Mumbaikars will not forget the morning of 29th September 2017, anytime soon. The day started off as any other week day for office-goers at Mumbai's Elphinstone Road station, but soon after the day went on to become a horrific experience the daily commuters would have many sleepless nights over.
The stampede at Elphinstone Road station had happened when the crowd gathered on a foot over bridge during the early morning rush time which killed 23 people and injured many.
A sudden downpour is believed to be one reason why many commuters took shelter at the foot bridge while another crowd which alighted from local trains joined them at the same time. Reports say that the overcrowded bridge was shaking causing panic of a possible collapse. Police suspect a short-circuit with a loud sound near the foot over bridge added to the panic.
The rain, rumors and thousands of commuters rushing out to save themselves caused the crowd crush which raised many questions on the infra-structure of Mumbai local transport systems and apathy of railway authorities.
While we can’t deny that the state of Mumbai local train commuters is indeed sordid and it’s high time that government should pay immediate attention to improve the scenario; there are a few important lessons we also can learn from this dreadful incident.
Understanding Crowd Dynamics
Unlike a terror attack, there is no evil motive behind a stampede. Stampede is a sudden incident which gives no chance to people to get prepared or to take precautionary measures. Let’s take the instance of Elphinstone Station, where a lone footbridge which is just six feet wide was put under tremendous strain caused by scores of commuters gathered atop it.
According to one estimate, over one lakh people use this footbridge during peak traffic hours, and people enter this bridge from multiple different directions. This results in a density of people on the bridge up to 7 and more people per square feet.
According to Pedestrian planner John J. Fruin, “At occupancies of about 7 persons per square meter, the crowd becomes almost a fluid mass. Shock waves can be propagated through the mass, sufficient to... Propel them distances of 3 meters or more... People may be literally lifted out of their shoes, and have clothing torn off.
Intense crowd pressures, exacerbated by anxiety, make it difficult to breathe, which may finally cause compressive asphyxia. The heat and the thermal insulation of surrounding bodies cause some to be weakened and faint. Access to those who fall is impossible. Removal of those in distress can only be accomplished by lifting them up and passing them overhead to the exterior of the crowd.”
Be it religious gatherings, a music concert or a railway station like this accident, basic ingredients of a stampede remain more or less the same: a huge crowd, a narrow passage, a trigger (often a rumor like in this case), panic and then the catastrophe.
Is there a way to survive while everyone is panicking?
Though there’s no sure way to survive a stampede but we surely can do certain things in certain manners which would increase our chance of survival. It’s believed that while caught in a panicking crowd, one loses his individual purpose or sense and he behaves as the crowd does.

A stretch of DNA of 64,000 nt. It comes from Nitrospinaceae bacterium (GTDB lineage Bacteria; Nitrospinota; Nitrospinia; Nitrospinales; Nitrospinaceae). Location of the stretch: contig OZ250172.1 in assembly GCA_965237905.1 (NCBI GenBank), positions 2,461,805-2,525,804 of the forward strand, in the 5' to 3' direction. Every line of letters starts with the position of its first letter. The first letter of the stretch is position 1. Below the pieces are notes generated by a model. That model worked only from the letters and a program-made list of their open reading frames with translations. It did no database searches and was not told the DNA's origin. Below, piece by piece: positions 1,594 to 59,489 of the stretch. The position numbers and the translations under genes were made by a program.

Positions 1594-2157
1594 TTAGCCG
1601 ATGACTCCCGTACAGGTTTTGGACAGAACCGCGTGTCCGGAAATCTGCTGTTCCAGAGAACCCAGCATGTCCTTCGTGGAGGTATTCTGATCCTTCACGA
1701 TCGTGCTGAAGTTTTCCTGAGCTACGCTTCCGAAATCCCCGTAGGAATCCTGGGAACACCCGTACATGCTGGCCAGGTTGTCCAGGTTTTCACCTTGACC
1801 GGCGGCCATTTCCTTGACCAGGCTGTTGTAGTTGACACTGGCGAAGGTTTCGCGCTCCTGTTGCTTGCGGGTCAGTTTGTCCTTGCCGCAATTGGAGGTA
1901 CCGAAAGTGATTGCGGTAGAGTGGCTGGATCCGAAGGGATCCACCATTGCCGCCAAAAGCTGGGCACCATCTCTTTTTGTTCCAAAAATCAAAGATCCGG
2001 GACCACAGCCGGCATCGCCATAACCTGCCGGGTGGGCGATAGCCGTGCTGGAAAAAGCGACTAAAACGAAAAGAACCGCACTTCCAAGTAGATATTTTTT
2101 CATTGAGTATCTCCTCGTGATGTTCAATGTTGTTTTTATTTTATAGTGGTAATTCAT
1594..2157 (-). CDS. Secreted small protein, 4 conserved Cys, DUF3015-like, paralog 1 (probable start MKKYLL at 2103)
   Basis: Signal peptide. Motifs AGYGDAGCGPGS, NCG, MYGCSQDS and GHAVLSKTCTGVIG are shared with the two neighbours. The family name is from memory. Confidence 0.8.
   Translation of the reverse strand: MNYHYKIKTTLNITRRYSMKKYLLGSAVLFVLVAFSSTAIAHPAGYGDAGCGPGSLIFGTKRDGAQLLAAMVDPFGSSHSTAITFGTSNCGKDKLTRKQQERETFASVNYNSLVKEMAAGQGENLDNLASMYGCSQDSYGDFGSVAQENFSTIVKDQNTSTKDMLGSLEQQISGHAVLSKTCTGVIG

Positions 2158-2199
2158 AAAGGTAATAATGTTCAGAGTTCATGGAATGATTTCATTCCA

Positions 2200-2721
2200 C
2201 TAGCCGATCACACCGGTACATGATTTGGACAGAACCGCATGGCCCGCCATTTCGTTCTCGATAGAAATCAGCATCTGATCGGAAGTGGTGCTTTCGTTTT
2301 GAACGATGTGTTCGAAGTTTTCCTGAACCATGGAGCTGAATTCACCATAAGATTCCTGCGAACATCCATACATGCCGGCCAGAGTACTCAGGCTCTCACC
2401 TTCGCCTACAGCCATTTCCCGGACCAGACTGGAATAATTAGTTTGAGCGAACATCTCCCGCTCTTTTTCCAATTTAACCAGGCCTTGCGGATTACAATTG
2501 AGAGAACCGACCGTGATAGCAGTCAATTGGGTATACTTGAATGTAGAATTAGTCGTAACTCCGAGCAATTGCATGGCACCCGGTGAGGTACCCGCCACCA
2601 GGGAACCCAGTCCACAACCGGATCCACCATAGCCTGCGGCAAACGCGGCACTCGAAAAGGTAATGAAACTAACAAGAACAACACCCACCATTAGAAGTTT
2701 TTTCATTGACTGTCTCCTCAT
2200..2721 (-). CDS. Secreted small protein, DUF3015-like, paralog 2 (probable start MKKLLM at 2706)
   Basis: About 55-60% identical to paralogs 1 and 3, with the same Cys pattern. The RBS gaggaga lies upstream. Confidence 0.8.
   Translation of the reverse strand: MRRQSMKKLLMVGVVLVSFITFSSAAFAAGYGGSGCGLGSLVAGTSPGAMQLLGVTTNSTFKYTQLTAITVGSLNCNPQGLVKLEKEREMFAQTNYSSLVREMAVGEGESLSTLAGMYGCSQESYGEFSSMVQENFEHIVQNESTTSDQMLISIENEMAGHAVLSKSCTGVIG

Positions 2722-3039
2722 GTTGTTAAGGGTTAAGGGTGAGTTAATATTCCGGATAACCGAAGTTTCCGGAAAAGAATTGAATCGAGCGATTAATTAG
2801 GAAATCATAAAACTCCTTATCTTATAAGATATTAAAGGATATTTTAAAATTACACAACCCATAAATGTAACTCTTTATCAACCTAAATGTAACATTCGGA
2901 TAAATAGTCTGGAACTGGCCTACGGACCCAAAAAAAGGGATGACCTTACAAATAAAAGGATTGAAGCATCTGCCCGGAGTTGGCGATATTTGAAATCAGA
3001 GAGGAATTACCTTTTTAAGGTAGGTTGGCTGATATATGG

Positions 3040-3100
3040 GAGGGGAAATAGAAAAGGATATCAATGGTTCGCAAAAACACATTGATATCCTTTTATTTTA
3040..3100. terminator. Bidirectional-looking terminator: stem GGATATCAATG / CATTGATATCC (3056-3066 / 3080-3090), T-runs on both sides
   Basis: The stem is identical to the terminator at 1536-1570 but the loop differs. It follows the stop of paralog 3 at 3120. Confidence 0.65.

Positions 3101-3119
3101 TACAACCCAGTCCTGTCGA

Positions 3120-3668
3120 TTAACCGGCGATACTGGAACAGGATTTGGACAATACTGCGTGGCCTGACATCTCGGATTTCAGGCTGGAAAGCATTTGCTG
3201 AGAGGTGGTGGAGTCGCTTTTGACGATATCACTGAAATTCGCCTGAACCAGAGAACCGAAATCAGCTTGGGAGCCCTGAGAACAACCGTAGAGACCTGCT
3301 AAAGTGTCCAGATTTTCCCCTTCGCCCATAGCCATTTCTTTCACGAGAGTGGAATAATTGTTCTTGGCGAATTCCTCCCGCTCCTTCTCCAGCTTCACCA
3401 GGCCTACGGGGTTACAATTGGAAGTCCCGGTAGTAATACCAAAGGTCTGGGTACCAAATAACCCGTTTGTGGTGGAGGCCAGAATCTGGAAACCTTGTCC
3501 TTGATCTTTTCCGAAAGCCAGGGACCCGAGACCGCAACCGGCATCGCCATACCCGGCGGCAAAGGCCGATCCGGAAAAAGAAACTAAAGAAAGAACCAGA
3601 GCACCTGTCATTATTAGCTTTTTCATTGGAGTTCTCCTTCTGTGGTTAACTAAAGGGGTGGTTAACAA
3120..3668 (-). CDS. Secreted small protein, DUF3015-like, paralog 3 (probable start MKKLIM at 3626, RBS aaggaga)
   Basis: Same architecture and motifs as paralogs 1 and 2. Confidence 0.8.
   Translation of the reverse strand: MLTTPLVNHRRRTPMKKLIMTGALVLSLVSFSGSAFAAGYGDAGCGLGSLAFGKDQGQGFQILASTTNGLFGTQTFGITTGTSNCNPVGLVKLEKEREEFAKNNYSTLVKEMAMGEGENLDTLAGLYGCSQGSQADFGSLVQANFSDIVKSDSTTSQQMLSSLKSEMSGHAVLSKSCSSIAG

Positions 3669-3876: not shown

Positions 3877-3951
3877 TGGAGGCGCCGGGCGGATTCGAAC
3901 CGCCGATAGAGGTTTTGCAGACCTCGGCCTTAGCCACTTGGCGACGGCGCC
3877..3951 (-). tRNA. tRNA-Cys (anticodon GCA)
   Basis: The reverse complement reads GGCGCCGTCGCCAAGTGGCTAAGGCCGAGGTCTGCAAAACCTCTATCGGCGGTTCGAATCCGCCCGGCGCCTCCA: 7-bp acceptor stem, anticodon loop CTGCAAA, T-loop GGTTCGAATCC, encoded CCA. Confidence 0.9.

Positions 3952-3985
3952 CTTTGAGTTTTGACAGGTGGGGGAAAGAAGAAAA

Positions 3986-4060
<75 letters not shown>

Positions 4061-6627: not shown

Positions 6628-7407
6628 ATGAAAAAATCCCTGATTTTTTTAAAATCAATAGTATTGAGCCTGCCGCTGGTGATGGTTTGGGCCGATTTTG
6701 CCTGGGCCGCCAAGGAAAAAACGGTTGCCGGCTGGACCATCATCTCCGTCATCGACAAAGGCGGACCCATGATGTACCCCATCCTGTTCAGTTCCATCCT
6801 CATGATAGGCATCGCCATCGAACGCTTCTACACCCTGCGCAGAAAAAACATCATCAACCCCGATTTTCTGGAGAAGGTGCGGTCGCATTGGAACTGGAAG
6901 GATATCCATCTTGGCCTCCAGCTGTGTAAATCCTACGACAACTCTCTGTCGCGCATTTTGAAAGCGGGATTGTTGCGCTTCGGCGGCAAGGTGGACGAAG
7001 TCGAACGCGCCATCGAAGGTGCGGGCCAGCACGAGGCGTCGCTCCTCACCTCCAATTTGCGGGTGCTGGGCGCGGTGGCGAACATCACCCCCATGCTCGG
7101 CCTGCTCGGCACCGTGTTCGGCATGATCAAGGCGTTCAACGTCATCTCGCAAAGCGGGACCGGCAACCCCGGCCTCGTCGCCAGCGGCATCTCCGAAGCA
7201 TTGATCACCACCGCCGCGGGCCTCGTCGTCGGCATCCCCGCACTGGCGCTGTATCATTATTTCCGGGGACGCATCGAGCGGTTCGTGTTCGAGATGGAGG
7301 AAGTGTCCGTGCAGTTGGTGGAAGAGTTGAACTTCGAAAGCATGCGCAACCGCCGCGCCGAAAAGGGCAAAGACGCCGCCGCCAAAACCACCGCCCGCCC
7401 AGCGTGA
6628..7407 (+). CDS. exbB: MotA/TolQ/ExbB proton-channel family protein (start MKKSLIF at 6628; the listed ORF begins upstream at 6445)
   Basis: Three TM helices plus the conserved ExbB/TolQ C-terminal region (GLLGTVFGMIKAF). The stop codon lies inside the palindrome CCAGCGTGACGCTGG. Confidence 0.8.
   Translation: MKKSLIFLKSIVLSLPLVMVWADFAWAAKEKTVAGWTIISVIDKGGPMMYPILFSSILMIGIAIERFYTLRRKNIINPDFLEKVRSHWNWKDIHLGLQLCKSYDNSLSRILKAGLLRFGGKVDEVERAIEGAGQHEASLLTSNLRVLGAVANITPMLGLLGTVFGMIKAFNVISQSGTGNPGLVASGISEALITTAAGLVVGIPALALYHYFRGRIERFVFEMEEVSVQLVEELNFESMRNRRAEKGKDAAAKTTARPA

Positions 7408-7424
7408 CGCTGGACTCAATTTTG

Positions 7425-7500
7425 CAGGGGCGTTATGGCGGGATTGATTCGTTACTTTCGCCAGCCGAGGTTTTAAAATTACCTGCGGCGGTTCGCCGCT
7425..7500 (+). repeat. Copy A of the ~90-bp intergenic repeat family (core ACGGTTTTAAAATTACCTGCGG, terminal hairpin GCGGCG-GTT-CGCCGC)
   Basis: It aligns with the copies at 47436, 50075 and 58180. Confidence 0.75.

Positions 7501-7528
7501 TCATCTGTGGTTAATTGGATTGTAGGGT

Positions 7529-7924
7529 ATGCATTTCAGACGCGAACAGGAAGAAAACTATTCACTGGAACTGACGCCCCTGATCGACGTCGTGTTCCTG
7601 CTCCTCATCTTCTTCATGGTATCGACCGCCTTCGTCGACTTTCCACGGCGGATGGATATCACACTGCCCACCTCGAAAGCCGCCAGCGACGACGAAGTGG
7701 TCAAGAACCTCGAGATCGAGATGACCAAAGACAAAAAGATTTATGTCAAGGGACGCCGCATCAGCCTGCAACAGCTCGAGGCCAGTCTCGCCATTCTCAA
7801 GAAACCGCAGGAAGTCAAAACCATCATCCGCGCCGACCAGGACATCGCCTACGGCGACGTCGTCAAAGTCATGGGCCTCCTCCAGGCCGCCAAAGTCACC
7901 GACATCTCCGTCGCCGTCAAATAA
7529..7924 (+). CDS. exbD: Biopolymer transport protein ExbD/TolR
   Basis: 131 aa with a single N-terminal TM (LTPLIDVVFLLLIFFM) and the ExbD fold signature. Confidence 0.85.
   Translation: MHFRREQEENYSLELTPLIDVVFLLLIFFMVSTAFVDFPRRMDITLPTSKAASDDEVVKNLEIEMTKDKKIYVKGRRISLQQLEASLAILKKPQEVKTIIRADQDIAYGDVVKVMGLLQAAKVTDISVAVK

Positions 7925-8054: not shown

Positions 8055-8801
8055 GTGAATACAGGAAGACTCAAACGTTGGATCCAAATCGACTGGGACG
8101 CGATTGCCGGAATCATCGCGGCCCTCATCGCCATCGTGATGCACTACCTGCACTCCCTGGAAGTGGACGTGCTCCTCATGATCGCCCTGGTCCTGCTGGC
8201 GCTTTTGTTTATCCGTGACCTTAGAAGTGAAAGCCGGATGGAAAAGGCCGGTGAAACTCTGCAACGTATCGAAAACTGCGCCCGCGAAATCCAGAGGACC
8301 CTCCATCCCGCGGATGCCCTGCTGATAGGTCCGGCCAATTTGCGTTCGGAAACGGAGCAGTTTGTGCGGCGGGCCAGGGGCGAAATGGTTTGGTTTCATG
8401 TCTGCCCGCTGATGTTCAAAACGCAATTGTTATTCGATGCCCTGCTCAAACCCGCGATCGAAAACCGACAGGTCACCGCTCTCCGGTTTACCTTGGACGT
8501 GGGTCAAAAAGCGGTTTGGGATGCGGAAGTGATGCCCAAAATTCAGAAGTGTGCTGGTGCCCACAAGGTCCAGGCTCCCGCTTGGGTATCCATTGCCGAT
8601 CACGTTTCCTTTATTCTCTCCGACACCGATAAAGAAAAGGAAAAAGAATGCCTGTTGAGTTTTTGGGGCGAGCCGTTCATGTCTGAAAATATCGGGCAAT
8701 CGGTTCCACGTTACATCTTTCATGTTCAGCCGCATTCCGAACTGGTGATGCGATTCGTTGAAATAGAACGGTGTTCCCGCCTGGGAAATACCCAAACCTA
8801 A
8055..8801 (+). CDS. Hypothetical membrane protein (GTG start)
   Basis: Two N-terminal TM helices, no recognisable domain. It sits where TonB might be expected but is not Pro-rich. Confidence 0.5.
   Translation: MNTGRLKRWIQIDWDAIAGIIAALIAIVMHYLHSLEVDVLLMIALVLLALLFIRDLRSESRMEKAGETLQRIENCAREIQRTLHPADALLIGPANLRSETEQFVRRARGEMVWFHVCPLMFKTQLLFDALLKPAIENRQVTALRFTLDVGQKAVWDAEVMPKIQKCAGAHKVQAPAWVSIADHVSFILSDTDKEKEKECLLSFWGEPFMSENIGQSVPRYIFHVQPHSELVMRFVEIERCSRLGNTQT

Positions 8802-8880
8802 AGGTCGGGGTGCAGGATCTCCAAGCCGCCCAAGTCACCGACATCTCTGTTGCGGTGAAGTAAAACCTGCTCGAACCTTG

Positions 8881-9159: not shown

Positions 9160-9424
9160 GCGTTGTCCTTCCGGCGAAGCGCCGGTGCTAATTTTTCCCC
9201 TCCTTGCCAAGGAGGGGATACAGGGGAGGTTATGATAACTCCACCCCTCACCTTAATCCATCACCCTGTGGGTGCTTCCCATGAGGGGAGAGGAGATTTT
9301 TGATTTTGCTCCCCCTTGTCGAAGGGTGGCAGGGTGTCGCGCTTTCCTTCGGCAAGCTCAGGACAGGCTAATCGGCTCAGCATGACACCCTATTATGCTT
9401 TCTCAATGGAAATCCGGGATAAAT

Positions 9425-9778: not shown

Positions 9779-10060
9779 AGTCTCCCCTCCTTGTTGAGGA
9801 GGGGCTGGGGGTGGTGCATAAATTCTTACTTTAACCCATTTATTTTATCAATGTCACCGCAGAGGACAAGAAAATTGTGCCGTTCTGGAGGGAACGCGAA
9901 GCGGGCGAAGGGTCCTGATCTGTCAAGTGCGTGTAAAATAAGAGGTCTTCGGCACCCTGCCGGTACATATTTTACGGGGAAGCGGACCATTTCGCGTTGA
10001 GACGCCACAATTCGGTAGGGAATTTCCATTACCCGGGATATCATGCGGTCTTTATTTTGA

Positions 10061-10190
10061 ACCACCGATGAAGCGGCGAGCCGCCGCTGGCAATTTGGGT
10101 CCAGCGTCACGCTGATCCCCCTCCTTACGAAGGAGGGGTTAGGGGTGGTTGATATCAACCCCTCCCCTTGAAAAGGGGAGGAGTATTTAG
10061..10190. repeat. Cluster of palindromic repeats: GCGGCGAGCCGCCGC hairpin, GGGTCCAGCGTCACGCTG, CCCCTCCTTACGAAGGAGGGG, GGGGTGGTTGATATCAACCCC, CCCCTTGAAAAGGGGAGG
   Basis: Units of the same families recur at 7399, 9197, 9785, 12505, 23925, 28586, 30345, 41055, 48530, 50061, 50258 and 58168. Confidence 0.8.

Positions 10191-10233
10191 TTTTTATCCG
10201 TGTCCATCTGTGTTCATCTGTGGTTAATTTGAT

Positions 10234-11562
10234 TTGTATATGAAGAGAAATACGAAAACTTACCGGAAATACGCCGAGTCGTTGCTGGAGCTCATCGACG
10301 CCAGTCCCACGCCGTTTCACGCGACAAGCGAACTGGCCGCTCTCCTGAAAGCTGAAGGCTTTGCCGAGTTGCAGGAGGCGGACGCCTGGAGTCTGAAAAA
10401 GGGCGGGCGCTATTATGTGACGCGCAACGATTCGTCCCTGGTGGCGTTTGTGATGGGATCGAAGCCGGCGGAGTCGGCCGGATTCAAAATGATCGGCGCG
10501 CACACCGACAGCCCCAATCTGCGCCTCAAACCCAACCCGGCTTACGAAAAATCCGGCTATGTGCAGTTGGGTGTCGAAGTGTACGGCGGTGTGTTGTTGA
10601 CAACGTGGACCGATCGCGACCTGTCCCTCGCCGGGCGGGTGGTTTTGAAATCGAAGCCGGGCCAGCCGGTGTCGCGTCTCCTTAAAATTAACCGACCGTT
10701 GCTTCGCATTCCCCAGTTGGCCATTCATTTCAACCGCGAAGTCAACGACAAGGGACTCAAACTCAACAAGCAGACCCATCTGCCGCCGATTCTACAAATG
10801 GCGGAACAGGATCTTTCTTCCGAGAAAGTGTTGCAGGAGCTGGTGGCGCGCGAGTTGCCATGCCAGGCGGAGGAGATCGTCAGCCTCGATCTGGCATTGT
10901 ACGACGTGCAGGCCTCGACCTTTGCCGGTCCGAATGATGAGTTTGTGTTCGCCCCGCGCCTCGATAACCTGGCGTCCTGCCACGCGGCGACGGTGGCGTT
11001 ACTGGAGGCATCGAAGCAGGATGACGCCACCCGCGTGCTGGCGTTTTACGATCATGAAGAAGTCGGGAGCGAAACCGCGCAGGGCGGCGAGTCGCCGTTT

Retaining one’s awareness about the entry and exit points of a confined space (like a theatre) increases the chance to escape a possible crowd massacre. Try to take a mental note of the escape routes the moment you arrive at a venue where a large number of people are about to gather.
Don’t wait. Leave the venue as soon as you start getting uncomfortable in a crowd. Don’t underestimate the lethal power of a crowd crush as the same has taken lakhs of innocent lives across the globe. Many people postpone that decision until it's too late, and in no time they find themselves trapped in a massive and panicking wave of humans, building pressures which can bend steel and concrete.
Remember the following handy tips to increase your chance of survival:
Know about the “accordion technique” to move back to safety
In a crowd rush, it is not just enough to assure that you are firm on the ground; it’s also equally important that you try to keep others who are around you on their feet too. Because a crowd collapse is a point of no return and even if one person falls down, in no time a domino effect will ensure that other would fall, too. This can be the worst scenario possible in a stampede.
As we mentioned before, a dense crowd would often behave a wave; when a crushing surge passes, a calm will follow. This is your chance to escape. Crowd surges, like waves along the shore, move back and forth. In between the surges you have to make your moves, not along or against the direction of the crowd but sideways, using the spaces between the layers of people.
The only thing you can do around a maddening crowd is to keep your wits about it and try to think rationally about the situation. It’s a normal human psychology to feel panicky when the crowd becomes suffocating but keeping your sanity intact while thinking practically about the ways to exit is the only way to safety.Authored: 9amstories editorial
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